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France introduces car breathalyser law - again

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France introduces car breathalyser law - again
An employee of the Pelimex company at Ingwiller in Eastern France checks a breathalyser (Ethylotest). A law forcing motorists to have one in their cars has been suspended. Photo: Frederick Florin/AFP
19:00 CET+01:00
The confusion appears to be over. The French government confirmed on Friday that it will be compulsory for motorists to carry breathalyser kits in their cars. The move comes after the Interior Ministry has suspended legislation earlier this year.

The  slightly shambolic attempt to introduce a law making it mandatory for motorists in France to carry a breathalyser kit in their car, appears to have been resolved once for all.

The law, first introduced last summer, was suspended earlier this year by the Interior Minister Manuel Valls, before the government road safety advisory body then recommended it be re-introduced.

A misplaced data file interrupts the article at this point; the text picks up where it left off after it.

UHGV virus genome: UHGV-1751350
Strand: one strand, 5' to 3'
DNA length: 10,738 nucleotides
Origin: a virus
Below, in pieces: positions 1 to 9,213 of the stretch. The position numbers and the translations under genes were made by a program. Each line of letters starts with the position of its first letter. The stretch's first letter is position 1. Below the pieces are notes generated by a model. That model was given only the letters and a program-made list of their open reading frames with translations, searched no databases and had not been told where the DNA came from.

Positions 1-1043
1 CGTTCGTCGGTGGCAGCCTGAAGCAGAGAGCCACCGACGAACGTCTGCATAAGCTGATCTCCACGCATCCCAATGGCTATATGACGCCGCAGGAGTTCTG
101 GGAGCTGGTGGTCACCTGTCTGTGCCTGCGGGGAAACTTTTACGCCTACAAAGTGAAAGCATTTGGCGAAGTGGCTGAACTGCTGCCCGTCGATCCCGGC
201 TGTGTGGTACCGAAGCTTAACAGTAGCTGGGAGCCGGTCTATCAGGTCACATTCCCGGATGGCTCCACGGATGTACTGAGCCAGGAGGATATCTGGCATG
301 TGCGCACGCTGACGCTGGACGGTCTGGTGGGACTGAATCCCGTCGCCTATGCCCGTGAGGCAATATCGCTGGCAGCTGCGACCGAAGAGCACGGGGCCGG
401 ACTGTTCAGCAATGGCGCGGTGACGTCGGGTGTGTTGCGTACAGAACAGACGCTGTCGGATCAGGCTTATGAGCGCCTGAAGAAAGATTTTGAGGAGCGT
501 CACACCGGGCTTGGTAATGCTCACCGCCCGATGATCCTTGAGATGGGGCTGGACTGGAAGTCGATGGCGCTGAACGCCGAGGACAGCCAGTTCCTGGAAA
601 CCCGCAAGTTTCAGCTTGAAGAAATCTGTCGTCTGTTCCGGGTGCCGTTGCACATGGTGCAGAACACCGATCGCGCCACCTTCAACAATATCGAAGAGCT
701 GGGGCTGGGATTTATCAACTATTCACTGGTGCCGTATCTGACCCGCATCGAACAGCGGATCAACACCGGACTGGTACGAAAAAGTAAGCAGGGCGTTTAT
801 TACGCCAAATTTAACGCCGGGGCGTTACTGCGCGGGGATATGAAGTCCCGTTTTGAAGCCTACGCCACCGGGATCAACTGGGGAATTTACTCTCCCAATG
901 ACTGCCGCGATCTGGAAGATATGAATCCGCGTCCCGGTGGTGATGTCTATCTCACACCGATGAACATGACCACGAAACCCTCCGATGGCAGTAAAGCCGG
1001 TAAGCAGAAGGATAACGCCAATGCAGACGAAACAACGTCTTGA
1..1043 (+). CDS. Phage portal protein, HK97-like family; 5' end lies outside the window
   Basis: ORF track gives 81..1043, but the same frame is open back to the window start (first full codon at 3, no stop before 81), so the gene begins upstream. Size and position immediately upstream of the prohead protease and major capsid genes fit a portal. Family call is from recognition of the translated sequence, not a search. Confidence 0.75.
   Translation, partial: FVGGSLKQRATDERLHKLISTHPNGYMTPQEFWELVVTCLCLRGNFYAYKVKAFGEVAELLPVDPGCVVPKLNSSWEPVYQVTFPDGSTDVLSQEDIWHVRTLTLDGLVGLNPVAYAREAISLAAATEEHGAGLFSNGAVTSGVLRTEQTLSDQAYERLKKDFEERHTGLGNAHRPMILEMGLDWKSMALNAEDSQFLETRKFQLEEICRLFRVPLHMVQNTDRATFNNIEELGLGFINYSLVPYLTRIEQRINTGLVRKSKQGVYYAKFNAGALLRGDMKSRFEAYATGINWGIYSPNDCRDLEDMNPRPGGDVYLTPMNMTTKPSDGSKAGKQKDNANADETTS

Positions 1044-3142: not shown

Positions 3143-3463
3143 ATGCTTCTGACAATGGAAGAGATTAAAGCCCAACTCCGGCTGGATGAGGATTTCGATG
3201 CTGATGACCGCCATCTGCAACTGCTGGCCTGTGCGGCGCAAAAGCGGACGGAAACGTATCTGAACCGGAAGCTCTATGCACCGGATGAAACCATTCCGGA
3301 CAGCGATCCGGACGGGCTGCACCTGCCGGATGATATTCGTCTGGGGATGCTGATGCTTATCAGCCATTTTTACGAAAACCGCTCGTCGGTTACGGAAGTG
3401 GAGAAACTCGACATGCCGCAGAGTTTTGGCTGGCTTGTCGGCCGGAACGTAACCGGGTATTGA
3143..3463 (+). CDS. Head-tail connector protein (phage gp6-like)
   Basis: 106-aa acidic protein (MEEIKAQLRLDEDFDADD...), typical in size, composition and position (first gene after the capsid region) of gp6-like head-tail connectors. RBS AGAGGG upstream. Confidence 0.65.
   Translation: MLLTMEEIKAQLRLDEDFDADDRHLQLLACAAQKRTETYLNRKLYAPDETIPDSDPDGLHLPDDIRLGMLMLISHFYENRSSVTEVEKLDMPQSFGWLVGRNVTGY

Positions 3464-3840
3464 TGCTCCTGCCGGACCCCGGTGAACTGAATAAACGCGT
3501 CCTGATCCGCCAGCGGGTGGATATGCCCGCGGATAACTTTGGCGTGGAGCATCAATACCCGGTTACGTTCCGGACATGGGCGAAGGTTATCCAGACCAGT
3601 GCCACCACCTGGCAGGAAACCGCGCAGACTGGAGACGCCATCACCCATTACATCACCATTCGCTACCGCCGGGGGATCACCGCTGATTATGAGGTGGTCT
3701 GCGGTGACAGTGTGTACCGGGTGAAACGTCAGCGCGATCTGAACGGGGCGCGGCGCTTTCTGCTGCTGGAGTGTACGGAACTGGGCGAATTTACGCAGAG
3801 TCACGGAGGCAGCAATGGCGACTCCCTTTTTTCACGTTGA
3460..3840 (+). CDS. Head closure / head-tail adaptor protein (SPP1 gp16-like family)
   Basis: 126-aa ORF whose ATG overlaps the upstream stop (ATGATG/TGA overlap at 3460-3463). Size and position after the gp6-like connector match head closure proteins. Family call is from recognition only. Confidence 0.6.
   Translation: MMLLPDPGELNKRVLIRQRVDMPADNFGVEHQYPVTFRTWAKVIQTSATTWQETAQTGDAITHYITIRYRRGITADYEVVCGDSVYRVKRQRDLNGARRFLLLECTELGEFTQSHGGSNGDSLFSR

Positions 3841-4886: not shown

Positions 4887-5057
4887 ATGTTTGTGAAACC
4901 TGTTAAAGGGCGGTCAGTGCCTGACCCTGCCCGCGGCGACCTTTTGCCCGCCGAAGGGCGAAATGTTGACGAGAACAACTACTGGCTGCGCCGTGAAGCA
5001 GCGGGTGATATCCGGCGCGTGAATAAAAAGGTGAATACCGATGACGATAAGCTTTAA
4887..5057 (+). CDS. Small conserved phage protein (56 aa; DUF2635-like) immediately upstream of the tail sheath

On Friday the French government followed their advice and resurrected the law.

However there is one significant change in that anyone caught without a breathalyser in their vehicle will not be punished after the government decided to scrap the proposed €11 fine.

How it will be enforced is still unclear.

The law, which was brought in to try and cut the number of road deaths linked to drink driving, required all drivers to carry an unused breathalyser test in their cars, either disposable ones or a reusable digital device.

But drivers found it hard to get their hands on the disposable test kits, with stores across the country frequently forced to put up 'out-of-stock' notices. Suppliers could not keep up with the demand.

Questions were also raised over the reliability of the breathalysers, known as Ethylotests in France, and whether the results were accurate.

The law will affect foreign motorists driving in France as well as those riding mopeds.

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